Extending a Conventional Chatbot Knowledge Base to External Knowledge Source and Introducing User-Based Sessions for Diabetes Education

Extending a Conventional Chatbot Knowledge Base to External Knowledge Source and Introducing User-Based Sessions for Diabetes Education

Shafquat Hussain (Western Sydney University, Australia) and Athula Ginige (Western Sydney University, Australia)
DOI: 10.4018/978-1-5225-6023-4.ch015

Abstract

Chatbots or conversational agents are computer programs that interact with users using natural language through artificial intelligence in a way that the user thinks he is having dialogue with a human. One of the main limits of chatbot technology is associated with the construction of its local knowledge base. A conventional chatbot knowledge base is typically hand constructed, which is a very time-consuming process and may take years to train a chatbot in a particular field of expertise. This chapter extends the knowledge base of a conventional chatbot beyond its local knowledge base to external knowledge source Wikipedia. This has been achieved by using Media Wiki API to retrieve information from Wikipedia when the chatbot's local knowledge base does not contain the answer to a user query. To make the conversation with the chatbot more meaningful with regards to the user's previous chat sessions, a user-specific session ability has been added to the chatbot architecture. An open source AIML web-based chatbot has been modified and programmed for use in the health informatics domain. The chatbot has been named VDMS – Virtual Diabetes Management System. It is intended to be used by the general community and diabetic patients for diabetes education and management.
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Introduction

With the rapid advancement of computing technology and the underlying language processing software progresses, there is an exponential growth in the delivered complexity of chatbots. They have already come a long way from their roots in systems that were more about simple chat or fun and entertainment. A text based or a voice based conversation is usually initiated by the user who asks a question using natural language and the chatbot answers the question using natural language. Natural language has recently been viewed as a compelling enabling technology for personalisation, which allows each user to interact with the system in his or her own words, rather than using one of a small number of preset ways to interact (Zadrozny, Budzikowska, Chai, & Kambhatla, 2000). From the chatbot literature, it is suggested that chatbots are like a typical search engine function but only produce one output as compared to a typical search engine. The basic process flow for a chat bot is similar to the search engine where an input is entered each time and a new search is done to produce a meaningful and relevant output (Lokman, & Zain, 2010). The brain of the chatbot is its knowledge base which could be simply in the forms of file/s or a database. Figure 1 shows the fundamental structure of a typical chatbot.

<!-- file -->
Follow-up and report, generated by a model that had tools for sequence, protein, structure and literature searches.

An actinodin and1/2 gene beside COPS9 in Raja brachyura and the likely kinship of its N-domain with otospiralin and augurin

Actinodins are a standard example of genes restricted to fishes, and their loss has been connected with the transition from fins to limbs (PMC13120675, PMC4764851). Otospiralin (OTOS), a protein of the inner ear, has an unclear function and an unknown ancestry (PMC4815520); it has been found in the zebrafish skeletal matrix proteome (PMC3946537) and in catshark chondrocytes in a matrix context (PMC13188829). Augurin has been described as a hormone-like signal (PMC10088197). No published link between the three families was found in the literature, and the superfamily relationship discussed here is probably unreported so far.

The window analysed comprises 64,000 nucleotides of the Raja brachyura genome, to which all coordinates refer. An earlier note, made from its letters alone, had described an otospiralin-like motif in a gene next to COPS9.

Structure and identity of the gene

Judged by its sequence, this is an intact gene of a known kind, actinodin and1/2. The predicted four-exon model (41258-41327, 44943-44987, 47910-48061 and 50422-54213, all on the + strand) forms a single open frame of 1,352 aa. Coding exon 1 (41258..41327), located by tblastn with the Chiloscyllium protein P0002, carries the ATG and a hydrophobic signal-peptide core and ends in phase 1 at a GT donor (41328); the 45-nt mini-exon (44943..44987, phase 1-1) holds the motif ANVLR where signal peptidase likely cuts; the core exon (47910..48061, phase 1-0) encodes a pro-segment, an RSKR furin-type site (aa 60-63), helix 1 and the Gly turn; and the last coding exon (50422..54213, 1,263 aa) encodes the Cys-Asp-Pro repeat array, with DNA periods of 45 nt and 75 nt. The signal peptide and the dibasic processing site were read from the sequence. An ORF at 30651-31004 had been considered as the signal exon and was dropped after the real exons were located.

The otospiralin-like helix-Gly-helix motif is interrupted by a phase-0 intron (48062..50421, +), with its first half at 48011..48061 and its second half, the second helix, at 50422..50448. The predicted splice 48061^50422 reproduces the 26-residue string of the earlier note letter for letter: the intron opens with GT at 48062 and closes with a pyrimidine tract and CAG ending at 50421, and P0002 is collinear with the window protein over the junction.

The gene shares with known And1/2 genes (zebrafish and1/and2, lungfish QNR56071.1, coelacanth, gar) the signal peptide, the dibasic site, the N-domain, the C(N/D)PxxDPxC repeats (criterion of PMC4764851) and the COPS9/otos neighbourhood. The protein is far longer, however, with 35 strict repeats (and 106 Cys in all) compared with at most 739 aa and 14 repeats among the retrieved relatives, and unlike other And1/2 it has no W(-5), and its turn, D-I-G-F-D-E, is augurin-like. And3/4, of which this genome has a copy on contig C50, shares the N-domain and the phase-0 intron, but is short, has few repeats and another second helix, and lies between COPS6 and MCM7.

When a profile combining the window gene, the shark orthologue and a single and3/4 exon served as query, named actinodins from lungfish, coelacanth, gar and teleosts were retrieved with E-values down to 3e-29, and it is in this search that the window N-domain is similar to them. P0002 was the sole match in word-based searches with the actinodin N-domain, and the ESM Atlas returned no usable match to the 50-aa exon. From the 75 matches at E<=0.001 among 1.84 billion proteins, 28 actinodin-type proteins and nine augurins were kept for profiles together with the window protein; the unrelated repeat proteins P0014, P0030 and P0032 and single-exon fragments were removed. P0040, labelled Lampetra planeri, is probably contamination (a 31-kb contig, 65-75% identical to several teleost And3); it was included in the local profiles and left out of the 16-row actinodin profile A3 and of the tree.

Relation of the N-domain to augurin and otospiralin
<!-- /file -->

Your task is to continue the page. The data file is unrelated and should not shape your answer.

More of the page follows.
Figure 1.

Chatbot Structure

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A typical implementation of chatbot brain/knowledge base contains a set of hand coded templates which match user inputs and then generate responses. Because those templates are hand coded, therefore the chatbot knowledge base is limited and the conversational level of the chatbot is insufficient to satisfy the users. In order solve this problem and to augment the traditional hand coded approach to the chatbot knowledge base, we presented a chatbot architecture that will use Wikipedia information, along with its own local hand coded knowledge base. The modified chatbot architecture also integrates user specific session ability in Virtual Diabetes Management System (VDMS) chatbot. The user specific ability of the chatbot will help the chatbot to remember and recall the previous conversation sessions of an individual user during the current conversation session.

This web-based chatbot (VDMS) will help general community members and diabetes patients by interacting with them during a question answer session. A new user needs to register first in order to start a session. After completing the registration process, a new user is created in the chatbot's database with its own login credentials. A logged in user can start the session by typing questions about diabetes in natural language and the chatbot will provide answers to the user’s queries using the same natural language. All the conversations are saved in chatbot's database against that logged in user. AIML - Artificial Intelligence Mark-up Language that has been used to program the local knowledge base of VDMS has the ability to remember the previous utterance of the chatbot by using <that> tag inside the AIML categories. Categories are the single unit of knowledge inside the AIML file. Another tag called <topic> let you to group the categories in AIML on the same topic. Typically we group together a bunch of categories into one topic. With the use of <that> and <topic> tags, the chatbot can generate a response that remains in the same topic and the context of the conversation can be maintained up to a certain extent. These tags are really effective in creating a continuous dialogue scenario with the chatbot on a particular topic. This ability is used to elaborate the user's/patient's condition by VDMS asking questions to the user/patient during the conversation. A sample dialogue scenario is show below;

  • User: I am diabetic

  • VDMS: Is it diabetes Type 1 or Type 2?

  • User: Type 2

  • VDMS: Do you take oral medicines or insulin or combination of both to control your blood glucose level?

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